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Duray, M. N., & Juario, J. V. (1995). The rabbitfishes. In C. E. Nash & A. J. Novotny (Eds.), Production of aquatic animals: fishes (World animal science series C8, pp. 339–345). Amsterdam: Elsevier.
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ArticleThe spawning behavior and embryonic and larval development of Siganus guttatus are described from laboratory observations. Characteristic prespawning behavior began 4 h before actual spawning: the female touched the anal region of the abdomen on the bottom of the tank; the male displayed short, jerky, rushing movements towards the female, often with rapid circling around her. The male and the female separately released small amounts of milt and eggs several times during the pre-spawning ritual. The color of both sexes changed, the male becoming lighter and the female darker in ground color. Spawning took place at 02.30 h on the third day after the first quarter of the moon. During actual spawning, the pair swam side by side, with the female slightly ahead of the male. Fertilized eggs were small (0.56±0.008 mm), demersal and adhesive, with many oil globules. Larvae measured 1.74±0.043 mm total length at hatching, and possessed eight pairs of free neuromasts with long cupulae (60–180 μm) from 6 h to 39 h after hatching. The adult complement of fin ray counts was attained on day 16 when larvae (=juveniles) measured 8.34 mm total length on the average.
Growth and survival of milkfish (Chanos chanos), seabass (Lates calcarifer) and rabbitfish (Siganus guttatus) larvae reared at the same density in different sized tanks CB Estudillo, MN Duray & ET Marasigan -
The Israeli Journal of Aquaculture-Bamidgeh, 1998 - Society of Israeli Aquaculture and Marine BiotechnologyGrowth and survival of the larvae of milkfish (Chanos chanos), seabass (Lates calcarifer) and rabbitfish (Siganus guttatus) in 40, 200 and 500 liter rearing tanks were evaluated at day 14. Milkfish larvae survived better (46%) in 500 l than in 200 l (7%) tanks. All larvae died on day 6 in the 40 l tanks. Growth was better in the 200 l tanks than in the 500 l tanks. The survival rate of the seabass larvae was significantly different in the 40 l (47%), 200 l (61%) and 500 l (75%) tanks, but growth was highest in the 40 l tanks. Rabbitfish larvae had the highest survival in 500 l tanks (7%) but the same growth in all tank sizes. The optimum tank size may vary for different fish species. However, small containers are more convenient to use because they require less manpower, are easily manipulated and more cost- effective.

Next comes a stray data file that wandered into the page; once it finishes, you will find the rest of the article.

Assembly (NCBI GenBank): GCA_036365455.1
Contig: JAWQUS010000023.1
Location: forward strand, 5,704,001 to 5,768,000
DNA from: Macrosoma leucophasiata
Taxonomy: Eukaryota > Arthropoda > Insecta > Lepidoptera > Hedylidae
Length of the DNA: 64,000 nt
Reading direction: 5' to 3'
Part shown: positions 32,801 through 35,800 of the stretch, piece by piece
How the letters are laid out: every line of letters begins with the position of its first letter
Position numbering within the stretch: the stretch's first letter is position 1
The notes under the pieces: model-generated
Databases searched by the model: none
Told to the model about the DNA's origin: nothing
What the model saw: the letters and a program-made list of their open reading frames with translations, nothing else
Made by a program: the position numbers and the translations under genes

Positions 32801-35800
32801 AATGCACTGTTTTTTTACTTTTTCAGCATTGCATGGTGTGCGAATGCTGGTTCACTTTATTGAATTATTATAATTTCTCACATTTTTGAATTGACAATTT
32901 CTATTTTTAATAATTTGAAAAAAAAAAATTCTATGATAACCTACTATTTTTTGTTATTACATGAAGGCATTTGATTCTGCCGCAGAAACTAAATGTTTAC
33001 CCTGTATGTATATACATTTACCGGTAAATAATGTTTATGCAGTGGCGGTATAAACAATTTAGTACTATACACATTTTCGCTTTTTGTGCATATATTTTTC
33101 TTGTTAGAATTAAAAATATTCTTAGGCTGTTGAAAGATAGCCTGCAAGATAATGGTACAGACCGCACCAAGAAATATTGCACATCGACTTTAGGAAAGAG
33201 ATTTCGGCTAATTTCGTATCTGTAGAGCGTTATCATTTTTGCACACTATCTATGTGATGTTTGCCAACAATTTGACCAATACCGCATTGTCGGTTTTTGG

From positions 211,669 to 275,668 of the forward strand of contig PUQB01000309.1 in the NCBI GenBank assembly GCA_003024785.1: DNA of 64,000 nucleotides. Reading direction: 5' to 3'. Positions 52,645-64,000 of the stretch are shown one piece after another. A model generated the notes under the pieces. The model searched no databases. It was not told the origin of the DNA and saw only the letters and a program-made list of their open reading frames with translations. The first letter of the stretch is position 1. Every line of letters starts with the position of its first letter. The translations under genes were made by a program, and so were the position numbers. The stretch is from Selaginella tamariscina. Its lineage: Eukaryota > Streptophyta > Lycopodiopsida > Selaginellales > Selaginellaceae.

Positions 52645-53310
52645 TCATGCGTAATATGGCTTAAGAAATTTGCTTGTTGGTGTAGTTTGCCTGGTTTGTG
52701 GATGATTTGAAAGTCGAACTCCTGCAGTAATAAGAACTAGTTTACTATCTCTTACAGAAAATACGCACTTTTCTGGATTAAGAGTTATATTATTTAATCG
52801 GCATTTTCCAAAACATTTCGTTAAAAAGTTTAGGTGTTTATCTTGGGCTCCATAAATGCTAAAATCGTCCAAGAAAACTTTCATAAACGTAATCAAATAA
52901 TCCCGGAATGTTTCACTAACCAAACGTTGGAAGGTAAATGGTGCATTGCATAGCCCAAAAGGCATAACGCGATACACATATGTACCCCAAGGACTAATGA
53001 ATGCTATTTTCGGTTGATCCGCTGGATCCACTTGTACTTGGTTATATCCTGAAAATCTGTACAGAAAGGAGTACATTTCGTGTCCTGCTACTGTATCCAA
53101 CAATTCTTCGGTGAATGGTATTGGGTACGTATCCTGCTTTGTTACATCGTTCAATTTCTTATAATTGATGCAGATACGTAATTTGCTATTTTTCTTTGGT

Conference paperAC Emata - In F Lacanilao, RM Coloso & GF Quinitio (Eds.), Seminar-Workshop on Aquaculture Development in Southeast Asia and Prospects for Seafarming and Searanching; 19-23 August 1991; Iloilo City, Philippines., 1994 - Aquaculture Department, Southeast Asian Fisheries Development CenterThis paper reviews studies conducted on milkfish (Chanos chanos), rabbitfish (Siganus guttatus), and mullet (Mugil cephalus) at the SEAFDEC Aquaculture Department from 1968 to 1991. Milkfish studies focused on hormonal induction of off-season gonadal maturation, dietary manipulation of milkfish broodstock to improve egg and larval quality, improvement of larval rearing techniques for mass fry production and technology transfer to the private sector, and search for a low-cost, practical diet for milkfish and a supplemental diet to increase pond production. Preliminary success on alternate feed for larval rearing and spontaneous maturation of milkfish in concrete tanks may help alleviate milkfish fry supply in the future. Studies on rabbitfish centered on improvement of larval survival and search for the optimum diet for growth of rabbitfish fry and juveniles reared in ponds. The difficulty in rearing rabbitfish larvae due to high mortality at first week after hatching hinders the development of the rabbitfish industry. Research involving mullet was solely on the establishment of broodstock for fish propagation.